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Construction litigation can be contractual or based on negligence

On Behalf of | Nov 15, 2017 | Construction Litigation |

Construction litigation in North Carolina can erupt from far more than alleged breaches of the construction contract by one or more parties. Other forms of litigation can arise as initiated by third parties not related to the construction itself.

The litigation may be based on tort and negligence, rather than breach of construction contract. If damages resulting from the negligence is provable, plaintiffs may prevail in a suit.

Damages caused by negligence

According to Black’s Law Dictionary, negligence is the failure to act as a reasonable person under the attendant circumstances would do or to act in a manner that a reasonable person would not act. The knowledge of the parties is a consideration in determining if there was negligence.

Outer Banks power outage caused litigation

As reported by USA Today, recently a lawsuit filing against a construction company concerned allegations that the construction company negligently caused the Outer Banks to suffer a widespread power outage during the summer of 2017. At the time of the filing, the island was days into the outage and it was unclear when the residents and visitors would see a remedy unfold.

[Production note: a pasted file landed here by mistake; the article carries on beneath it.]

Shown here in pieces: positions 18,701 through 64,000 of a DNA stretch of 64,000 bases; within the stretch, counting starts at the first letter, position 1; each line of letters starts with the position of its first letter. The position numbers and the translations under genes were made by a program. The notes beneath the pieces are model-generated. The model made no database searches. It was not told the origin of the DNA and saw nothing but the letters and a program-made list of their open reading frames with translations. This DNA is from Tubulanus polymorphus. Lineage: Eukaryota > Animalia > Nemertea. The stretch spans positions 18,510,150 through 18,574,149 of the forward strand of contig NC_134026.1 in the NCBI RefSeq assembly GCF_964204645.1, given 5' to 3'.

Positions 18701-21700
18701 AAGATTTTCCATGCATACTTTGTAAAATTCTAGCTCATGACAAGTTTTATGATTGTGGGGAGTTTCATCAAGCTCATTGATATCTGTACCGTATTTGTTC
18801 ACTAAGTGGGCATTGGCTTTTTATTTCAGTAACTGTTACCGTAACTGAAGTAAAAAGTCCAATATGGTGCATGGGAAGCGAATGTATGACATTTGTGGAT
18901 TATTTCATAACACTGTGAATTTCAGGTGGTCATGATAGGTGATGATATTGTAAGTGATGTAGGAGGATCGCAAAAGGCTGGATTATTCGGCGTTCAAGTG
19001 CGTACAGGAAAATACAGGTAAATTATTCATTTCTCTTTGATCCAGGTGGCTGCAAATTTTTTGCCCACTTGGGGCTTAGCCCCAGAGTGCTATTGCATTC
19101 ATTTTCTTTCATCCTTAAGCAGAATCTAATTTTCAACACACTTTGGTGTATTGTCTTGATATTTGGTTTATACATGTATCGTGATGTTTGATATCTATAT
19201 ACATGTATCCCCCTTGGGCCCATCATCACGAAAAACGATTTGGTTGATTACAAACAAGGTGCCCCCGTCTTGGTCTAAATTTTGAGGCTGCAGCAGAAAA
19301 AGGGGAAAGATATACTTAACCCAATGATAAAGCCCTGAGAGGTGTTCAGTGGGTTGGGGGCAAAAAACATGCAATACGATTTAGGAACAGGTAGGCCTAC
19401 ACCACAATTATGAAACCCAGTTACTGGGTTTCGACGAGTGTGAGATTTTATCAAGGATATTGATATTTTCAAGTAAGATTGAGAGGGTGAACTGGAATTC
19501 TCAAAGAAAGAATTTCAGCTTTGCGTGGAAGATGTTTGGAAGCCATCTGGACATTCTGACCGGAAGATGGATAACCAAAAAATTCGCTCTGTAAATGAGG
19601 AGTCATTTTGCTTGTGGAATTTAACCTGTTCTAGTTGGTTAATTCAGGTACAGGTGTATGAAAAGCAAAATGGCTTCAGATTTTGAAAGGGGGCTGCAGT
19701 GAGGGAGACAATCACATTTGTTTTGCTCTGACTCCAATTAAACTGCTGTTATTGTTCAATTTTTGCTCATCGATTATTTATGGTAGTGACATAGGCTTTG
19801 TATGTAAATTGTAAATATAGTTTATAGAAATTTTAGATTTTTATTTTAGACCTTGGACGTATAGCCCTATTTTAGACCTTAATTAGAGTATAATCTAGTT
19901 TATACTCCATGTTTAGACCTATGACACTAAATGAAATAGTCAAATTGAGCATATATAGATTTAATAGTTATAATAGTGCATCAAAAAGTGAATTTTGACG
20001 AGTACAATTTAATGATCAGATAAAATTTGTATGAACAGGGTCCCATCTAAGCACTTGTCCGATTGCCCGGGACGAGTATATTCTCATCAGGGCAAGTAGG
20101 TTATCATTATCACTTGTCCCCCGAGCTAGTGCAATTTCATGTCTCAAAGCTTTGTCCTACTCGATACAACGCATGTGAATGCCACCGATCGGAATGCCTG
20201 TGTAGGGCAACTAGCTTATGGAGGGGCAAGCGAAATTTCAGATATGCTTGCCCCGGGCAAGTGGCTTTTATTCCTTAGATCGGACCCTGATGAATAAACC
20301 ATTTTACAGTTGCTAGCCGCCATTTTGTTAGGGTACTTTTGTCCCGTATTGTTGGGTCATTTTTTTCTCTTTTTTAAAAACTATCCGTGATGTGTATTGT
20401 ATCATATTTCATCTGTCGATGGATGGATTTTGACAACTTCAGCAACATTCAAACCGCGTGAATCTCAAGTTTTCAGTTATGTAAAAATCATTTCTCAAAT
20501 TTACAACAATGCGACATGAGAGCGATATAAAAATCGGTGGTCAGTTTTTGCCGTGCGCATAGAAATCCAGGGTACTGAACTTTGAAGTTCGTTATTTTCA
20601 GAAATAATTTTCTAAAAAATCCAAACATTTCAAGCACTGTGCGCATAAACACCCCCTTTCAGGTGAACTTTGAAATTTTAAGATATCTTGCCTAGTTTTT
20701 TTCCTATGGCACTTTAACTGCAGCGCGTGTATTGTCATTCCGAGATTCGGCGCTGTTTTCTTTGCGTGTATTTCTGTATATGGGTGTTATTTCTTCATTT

The plaintiffs to this class action suit included both businesses and visitors to this well-known tourist area for vacationers. Apparently, while constructing a bridge, the construction company drove a steel pylon through power transmission lines, thereby causing the power outage.

The lawsuit claims that the act of doing so, however unintentional, was negligent. The construction company arguably failed to use proper care that another reasonably prudent construction company with similar knowledge would have used to avoid such damages.

The alleged damages resulting from the power outage were that it interfered with vacations, rental plans, and contracts of visitors. Because the duration of the outage is not yet known, the damage could also deepen. Because island businesses rely on the summertime to financially survive the remainder of the year, there was argument that this outage and the resulting business losses could damage those businesses beyond repair.

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